Jennifer Doudna

Women in STEM
Jennifer Doudna
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Birth: February 19, 1964

Specialty: Biochemistry

Major Contributions:

Breakthrough Prize in Life Sciences, 2015

Co-creator of CRISPR/Cas9 Mechanism

Time 100 Most Influential People

Winner of 2020 Nobel Prize in Chemistry

Image: Christopher Michel / Wikimedia (CC BY-SA 4.0 DEED)


An investigator of the Howard Hughes Medical Institute since 1997, Dr. Jennifer Doudna has been responsible for bettering our understanding of the functions of RNA.

Earning a bachelor’s degree in biochemistry which was followed by a doctorate in biochemistry, she has been working with ribonucleic acid, a nucleic acid present in all living cells. RNA’s principal role is to act as a messenger carrying instructions from DNA for controlling the synthesis of proteins. In 2002 she accepted a position at the University of California Berkeley, where she continued to work with RNA.

In 2012 along with a colleague, Emmanuelle Charpentier, she invented a DNA editing process that can be used to change an organism’s genetic code.  This method is based on the way bacteria fights off viral infections, employing sequences stored within clustered regularly interspaced short palindromic repeats (CRISPRs).  Her lab’s work using the CRISPR-associated (Cas) enzyme Cas9 revealed how this protein and its guide RNA can be used to change genetic information using RNA-programmed DNA cleavage.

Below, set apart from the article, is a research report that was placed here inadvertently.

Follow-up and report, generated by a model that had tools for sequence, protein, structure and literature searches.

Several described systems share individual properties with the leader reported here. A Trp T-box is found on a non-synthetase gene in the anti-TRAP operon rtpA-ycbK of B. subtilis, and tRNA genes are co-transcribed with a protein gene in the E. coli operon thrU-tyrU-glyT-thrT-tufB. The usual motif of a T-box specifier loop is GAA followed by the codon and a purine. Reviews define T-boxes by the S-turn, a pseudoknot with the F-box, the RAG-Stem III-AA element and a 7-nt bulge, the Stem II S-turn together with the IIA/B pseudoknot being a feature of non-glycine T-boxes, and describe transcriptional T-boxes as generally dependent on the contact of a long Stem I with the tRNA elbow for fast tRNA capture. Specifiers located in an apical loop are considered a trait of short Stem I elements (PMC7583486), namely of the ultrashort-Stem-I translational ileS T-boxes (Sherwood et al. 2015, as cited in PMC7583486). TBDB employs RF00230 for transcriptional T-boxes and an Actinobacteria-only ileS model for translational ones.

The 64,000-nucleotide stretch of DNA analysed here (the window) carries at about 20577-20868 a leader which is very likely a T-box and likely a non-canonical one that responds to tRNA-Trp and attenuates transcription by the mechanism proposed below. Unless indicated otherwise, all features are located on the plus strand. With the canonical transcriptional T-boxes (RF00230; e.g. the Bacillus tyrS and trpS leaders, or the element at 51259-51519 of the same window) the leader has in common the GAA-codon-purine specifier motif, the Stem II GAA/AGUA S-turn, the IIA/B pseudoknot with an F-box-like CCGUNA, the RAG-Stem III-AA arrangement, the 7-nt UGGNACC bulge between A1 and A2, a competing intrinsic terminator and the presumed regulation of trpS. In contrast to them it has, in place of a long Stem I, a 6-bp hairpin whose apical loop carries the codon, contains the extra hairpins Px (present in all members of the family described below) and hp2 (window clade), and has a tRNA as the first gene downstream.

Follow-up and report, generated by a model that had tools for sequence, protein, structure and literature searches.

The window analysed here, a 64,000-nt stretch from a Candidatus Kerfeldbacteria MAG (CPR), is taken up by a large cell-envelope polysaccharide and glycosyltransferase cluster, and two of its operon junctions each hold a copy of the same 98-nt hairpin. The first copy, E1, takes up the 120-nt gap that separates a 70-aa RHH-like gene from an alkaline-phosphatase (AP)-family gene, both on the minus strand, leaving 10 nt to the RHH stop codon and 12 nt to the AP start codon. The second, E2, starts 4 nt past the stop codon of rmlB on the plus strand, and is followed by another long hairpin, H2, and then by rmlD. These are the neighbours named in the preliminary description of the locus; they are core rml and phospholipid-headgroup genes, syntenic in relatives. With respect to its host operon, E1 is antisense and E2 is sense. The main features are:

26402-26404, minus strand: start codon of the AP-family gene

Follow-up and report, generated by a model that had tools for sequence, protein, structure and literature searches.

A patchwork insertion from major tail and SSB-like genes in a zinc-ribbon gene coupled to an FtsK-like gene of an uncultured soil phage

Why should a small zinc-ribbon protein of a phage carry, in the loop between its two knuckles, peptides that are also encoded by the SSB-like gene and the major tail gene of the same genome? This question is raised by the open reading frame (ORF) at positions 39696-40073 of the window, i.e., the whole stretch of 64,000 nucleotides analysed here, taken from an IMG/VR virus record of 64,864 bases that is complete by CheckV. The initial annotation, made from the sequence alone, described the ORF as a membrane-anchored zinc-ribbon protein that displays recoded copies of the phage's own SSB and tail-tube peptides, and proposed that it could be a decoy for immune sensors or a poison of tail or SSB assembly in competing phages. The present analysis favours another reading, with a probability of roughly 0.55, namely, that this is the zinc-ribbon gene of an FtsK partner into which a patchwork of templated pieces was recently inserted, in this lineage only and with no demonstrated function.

This process can be used to go after any unwanted piece of DNA to change these bad genes to good and has already been used to manipulate the genetics of mice, monkeys, and human embryos. This breakthrough means that in the future we might have the ability to cure genetic diseases like cystic fibrosis or muscular dystrophy.  Since creating the CRISPR/CAS 9 protocol Doudna has been vocal about needing to have a global conversation about the ethical and moral questions that being able to edit the DNA of organisms has created.

In 2015 she was awarded the Gruber Prize in Genetics and was named one of Time Magazine’s 100 most influential people, both with Emmanuelle Charpentier.

For her work with Charpentier on CRISPR/CAS 9 the pair shared the Nobel Prize in Chemistry in 2020 and in 2023 she was inducted into the National Inventors Hall of Fame.

The work doesn’t stop with the accolades and Doudna is still the principal investigator at the Doudna RNA Lab at Berkeley where she is a professor of chemistry as well as a professor of molecular and cellular biology.

Written by Angela Goad

Sources:

The Doudna Lab

Wikipedia: Jennifer Doudna

Howard Hughes Medical Institute: Jennifer A. Doudna, PhD

Jennifer Doudna, a Pioneer Who Helped Simplify Genome Editing

Jennifer Doudna (UC Berkeley/HHMI): Genome Engineering with CRISPR-Cas9

See Also:

Genome-editing revolution: My whirlwind year with CRISPR

We Can Now Edit Our DNA. But Let’s Do it Wisely (TED)

Gene editing with CRISPR-Cas9